For Those With HPPD, The Acid Trip Never Ends

Published April 16, 2015
Updated April 2, 2015
Drugs Gif

Source: Giphy

For anyone experimenting with mind-altering drugs, the prospect of having a “bad trip” is a rather unsettling one. But what if the trip never ends? What happens when drugs are taken and the drugs have metabolized fully from your system, but the effects don’t dissipate? What would it be like to never stop tripping?

For sufferers of Hallucinogen persisting perception disorder (HPPD), that’s a question they don’t have to ask themselves, because they live it every day.

The mechanism behind HPPD isn’t entirely clear, but what science does know is that it’s not the same thing as “acid flashbacks” — once someone has taken LSD (or other mind-bending hallucinogens, like peyote) they can occasionally have psychological flashbacks (similar to post-traumatic stress disorder) to some of the more unsettling aspects of their experience “tripping”. HPPD, on the other hand, consists of visual disturbances which don’t come and go. They’re constant and, unlike flashbacks, aren’t psychological. The sufferer knows that what they’re seeing isn’t real, and the disturbances are more like a short-circuit in perception rather than a bad memory.

These visual changes may have started during a trip, but once the drug has left the body, they persist and become part of the person’s waking life. Symptoms like “trailing” of objects, changes in color perception and motion-based experiences like “the walls are moving” are all common complaints of those with HPPD. Another common occurrence is the presence of “after images”, which happens when you look at an object, look away and still see it in your field of vision, usually in the negative colors scheme.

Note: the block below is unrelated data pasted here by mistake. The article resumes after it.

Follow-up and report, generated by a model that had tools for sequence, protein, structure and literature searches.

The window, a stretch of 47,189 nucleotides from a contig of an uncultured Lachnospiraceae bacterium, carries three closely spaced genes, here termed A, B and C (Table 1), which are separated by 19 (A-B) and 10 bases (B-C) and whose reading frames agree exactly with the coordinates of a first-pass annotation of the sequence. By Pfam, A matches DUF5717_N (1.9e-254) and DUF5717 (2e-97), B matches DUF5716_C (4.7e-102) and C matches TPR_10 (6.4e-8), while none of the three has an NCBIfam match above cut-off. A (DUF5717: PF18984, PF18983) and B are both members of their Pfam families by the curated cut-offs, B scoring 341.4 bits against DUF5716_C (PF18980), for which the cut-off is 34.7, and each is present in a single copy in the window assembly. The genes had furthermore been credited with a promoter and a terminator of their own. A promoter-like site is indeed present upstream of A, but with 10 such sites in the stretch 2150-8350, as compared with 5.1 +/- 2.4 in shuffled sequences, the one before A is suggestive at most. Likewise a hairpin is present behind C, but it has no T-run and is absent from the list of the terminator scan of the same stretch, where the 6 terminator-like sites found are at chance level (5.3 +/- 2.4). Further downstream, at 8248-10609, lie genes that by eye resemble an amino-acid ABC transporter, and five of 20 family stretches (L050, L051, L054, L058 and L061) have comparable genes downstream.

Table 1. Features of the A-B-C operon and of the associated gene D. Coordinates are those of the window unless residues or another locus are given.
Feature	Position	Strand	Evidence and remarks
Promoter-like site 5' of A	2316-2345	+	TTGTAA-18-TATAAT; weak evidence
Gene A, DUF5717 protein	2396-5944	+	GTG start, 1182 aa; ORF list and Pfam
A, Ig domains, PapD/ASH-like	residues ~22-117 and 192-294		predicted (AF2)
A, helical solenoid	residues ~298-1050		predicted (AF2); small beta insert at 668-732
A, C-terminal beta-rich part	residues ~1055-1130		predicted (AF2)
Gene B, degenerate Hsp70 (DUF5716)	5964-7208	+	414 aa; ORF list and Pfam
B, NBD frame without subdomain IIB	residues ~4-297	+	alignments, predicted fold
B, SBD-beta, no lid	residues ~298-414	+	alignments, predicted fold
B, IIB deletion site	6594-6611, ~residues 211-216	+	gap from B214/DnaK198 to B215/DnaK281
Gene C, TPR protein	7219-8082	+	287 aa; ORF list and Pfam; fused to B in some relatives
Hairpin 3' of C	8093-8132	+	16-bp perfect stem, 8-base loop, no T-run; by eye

HPPD LSD Simpsons

Source: Giphy

It’s actually not uncommon for all of us, drugs or not, to experience these kinds of visual disturbances when we’re overtired, ill, in poorly-lit spaces or other situations that stimulate our visual cortex. The difference is, for most of us these experiences are temporary and exceptionally fleeting; for those with HPPD it becomes how they perceive the world all the time, regardless of environment.

But why? That’s the question researchers have. It’s clear that there is a link between taking a psychedelic drug and developing HPPD, but it’s not as though everyone who has ever dropped acid develops HPPD. Some who have done drugs consistently for decades don’t develop any of these visual disturbances on a chronic basis and others, who have done the drugs but once, almost immediately develop symptoms consistent with HPPD.

What research has shown is that for those who do develop it, it tends to occur early on in their experimentation with psychedelic drugs. Since it doesn’t seem to be proportional to the amount of drugs taken, or the amount of time the drugs have been consistently used, it implies that some people may be predisposed to developing HPPD if and when they should experiment with mind-altering substances. What complicates this theory is that there does exist a group of HPPD sufferers who are long-term drug users who have experimented with multiple psychedelic drugs, which makes it nearly impossible to conclude which of them ultimately led to the development of HPPD.

Abby Norman
Abby Norman is a writer based in New England, currently writing a memoir for Nation Books. Her work has been featured on The Rumpus, The Independent, Cosmopolitan, Medium, Seventeen, Romper, Bustle, and Quartz.
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